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Ontario's so-called 'Crypto King' soliciting investments as recently as February: police


Ontario’s so-called ‘Crypto King’ Aiden Pleterski was soliciting new investors as recently as February – a year-and-a-half after he was petitioned into bankruptcy for allegedly running a Ponzi scheme worth more than $40 million – police alleged on Thursday.

Pleterski is facing charges of fraud over $5,000 and money laundering after being arrested in Durham region on Tuesday. He has been released on a $100,000 bail with his parents acting as sureties.

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On Friday, one of Pleterski’s associates, Colin Murphy, 27, surrendered himself to authorities and is also facing charges of fraud over $5,000 in connection with the missing investments. Investors have previously alleged in a civil action against Murphy that he operated a Ponzi scheme parallel to Pleterski's alleged scam.

Comments regarding Pleterski’s most recent attempts to solicit investors were made during a news conference about the 16-month police investigation, dubbed “Project Swan,” held by Durham Regional Police and the Ontario Securities Commission on Thursday. It is believed to be the largest fraud investigation that has ever taken place in the region.

Durham Police Chief Peter Moreira said investigators spoke to a “large number” of victims, conducted over 40 court orders to gather evidence, and analyzed thousands of financial documents as part of the probe. The investigation was carried out with the help of the Toronto Police Service, the Ontario Provincial Police, the Canada Border Services Agency, and the U.S. Department of Homeland Security.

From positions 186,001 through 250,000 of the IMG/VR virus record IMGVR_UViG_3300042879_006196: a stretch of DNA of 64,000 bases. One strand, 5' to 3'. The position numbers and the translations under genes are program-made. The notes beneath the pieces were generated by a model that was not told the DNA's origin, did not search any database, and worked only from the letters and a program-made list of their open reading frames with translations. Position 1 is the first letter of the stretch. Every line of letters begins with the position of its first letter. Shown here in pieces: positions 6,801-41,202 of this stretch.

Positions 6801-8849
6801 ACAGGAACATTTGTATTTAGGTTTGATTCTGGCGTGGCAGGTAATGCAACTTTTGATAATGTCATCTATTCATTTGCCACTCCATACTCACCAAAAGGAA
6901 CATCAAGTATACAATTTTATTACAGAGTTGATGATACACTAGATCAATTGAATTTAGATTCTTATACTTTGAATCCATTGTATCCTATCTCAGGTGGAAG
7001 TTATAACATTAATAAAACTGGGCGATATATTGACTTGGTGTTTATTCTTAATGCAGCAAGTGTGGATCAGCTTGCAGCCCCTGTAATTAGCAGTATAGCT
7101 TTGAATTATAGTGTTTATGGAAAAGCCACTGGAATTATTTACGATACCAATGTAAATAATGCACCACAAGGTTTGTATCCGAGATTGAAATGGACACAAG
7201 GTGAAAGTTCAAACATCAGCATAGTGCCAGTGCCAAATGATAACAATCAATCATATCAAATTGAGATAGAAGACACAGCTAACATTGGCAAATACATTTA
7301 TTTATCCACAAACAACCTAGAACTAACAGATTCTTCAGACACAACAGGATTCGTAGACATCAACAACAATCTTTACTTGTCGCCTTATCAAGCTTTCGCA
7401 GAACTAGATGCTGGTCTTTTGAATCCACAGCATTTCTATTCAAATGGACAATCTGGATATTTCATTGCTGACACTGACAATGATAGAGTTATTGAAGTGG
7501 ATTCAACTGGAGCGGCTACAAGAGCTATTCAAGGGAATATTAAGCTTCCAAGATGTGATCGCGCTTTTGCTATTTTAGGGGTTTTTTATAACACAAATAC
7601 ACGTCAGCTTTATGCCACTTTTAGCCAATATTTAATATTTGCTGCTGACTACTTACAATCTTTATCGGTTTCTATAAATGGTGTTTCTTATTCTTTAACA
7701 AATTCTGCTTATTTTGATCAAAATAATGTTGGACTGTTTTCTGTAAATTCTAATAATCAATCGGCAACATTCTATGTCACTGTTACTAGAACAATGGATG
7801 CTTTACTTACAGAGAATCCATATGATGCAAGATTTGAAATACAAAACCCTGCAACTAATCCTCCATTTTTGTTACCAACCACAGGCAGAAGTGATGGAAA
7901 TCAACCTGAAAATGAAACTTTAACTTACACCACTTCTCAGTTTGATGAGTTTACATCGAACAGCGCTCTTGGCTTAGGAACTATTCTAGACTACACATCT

Investigators first received reports of an investment fraud operation being run by a man in Whitby, Ont., in July 2022, according to Moreira.

At the time, Pleterski had been promising investors five to seven per cent gains per week while posting images of a seemingly lavish lifestyle on social media that showed him driving a fluorescent McLaren and lounging on a private jet, according to court documents filed as part of bankruptcy proceedings.

Aiden Pleterski, 25, in a mug shot taken by Durham police after he was arrested for fraud over $5,000 and money laundering. (DRPS photo) Of the $40-million Pleterski was allegedly handed over two years, bankruptcy documents show he invested just 1.6 per cent. Even after he was petitioned into bankruptcy by hundreds of investors, he still posted images showing his apparent travels to London, Miami and Sydeney in recent months.

According to Moreira, a fraud of this scope could land an offender up to 14 years in jail.

Until this point, Pleterski's travels and spending have been seemingly unimpeded. But now, his bail conditions require him to reside at his parents' home in Whitby and restrict him from leaving Ontario.

During Thursday's press conference, reporters from media outlets across the Greater Toronto Area gathered to pepper police with longstanding questions. But a publication ban barred the disclosure of further details, police said.

Officers referenced the publication ban half a dozen times throughout the 20 minute news conference in response to requests for further context on the charges, along with questions regarding the scope of the alleged fraud.

Durham's police chief announces "Project Swan," an investigation into so-called ‘Crypto King’ Aiden Pleterski, on May 16, 2024 (CTV/ Patrick Darrah)Norman Groot, a fraud recovery lawyer representing investors, said police at the press conference were “very guarded” about the information they released in order to protect their case.

“That is why they repeated the term publication ban over and over again. They have to keep their criminal investigation confidential for the sake of the prosecution,” he said.

Ontario Securities Commission Senior Investigator Stephen Henkel, meanwhile, said Pleterski and Murphy were not registered with the OSC in any capacity.

“This means they are not permitted to engage in the business of trading securities or providing investment advice,” he said.

As part of his bail conditions, Pleterski is prohibited from contacting his associates or investors, possessing a debit or credit card, and posting on social media about financial matters.

Despite the many victims police have spoken to in this investigation, they said it remains active and are encouraging anyone who might have information to still come forward.

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